Today, universities and other education institutions in the United Kingdom saw another day of strikes. In an earlier post, I was trying to find a way of positioning myself with regard to the strike of 31 October.
In the meantime, I have learnt a lot about work relations in education in this country (and, again, similar things are going on elsewhere). Those doing the most ‘manual’ kinds of work, and therefore (?) receiving the lowest pay, were a minority among participants last time. (I have to say that professors were spotted this time around!) Today, the same was the case: cleaners, for example, did work as usual. Now I see that this may actually have a lot to do with the business models universities have adopted over the past years. Instead of employing everyone who works for them, universities have been outsourcing more and more of the work they need done. Their cafes and restaurants, their cleaning and their security are often run either by external companies or by daughter companies that universities create for this specific purpose. As a consequence, the staff employed by those companies are not directly employed by the university and can therefore not become a member of university labour unions. They are unable to officially participate in a strike organised by education unions, and, as far as I can see, get no legal protection or financial support from them if they were to decide to take any action.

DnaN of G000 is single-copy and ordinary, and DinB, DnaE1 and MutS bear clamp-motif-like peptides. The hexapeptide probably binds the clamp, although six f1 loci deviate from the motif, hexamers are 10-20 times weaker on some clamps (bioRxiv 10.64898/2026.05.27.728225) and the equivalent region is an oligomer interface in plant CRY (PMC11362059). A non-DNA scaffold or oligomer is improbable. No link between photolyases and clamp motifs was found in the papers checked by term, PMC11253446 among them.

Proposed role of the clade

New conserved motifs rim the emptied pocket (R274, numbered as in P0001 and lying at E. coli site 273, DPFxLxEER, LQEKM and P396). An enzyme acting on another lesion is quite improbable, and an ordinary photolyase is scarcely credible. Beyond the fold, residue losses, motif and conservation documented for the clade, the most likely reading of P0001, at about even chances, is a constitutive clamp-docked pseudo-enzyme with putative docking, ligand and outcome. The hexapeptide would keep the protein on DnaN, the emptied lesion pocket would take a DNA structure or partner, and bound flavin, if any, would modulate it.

Considering this, speaking out in solidarity with them has only become more important. Another remaining concern is the gap in salaries between female and male academics, as well as support staf. (which is very real even if you just consider the fact that women tend to end up in (economically) poorly appreciated jobs such as cleaning and caring, and men in highly appreciated ones; but even in comparable functions, men get more on average than women).
These concerns, however, run up against the realities of collective action: strikers have to make a single, clearly defined demand. The present demand for an inflation-matching rise in wages/salaries across the board, is what put me off last time. By now, I have learnt that many of my colleagues have similar feelings: demanding higher salaries for themselves, they feel, is unnecessary, unethical, and might lower academics’ image to the level of bonus-chasing bankers’. At the same time, strength still lies in numbers: only by showing up in person employees, students and other allies can really demonstrate they are serious about their worries. Luckily, we have some leeway in deciding how to contribute to this effort. So, instead of teaming up behind a ‘we want more than 1%’ -sign, I did some handicrafting this morning…… and was very happy that this contribution was well-received in town.
However, looking back, I should have gone for this one:
(N.B. Short-term contracts have a way of boomeranging on the current academic system: having to move home every few years does leave employees with cardboard that’ll last a few rallies…)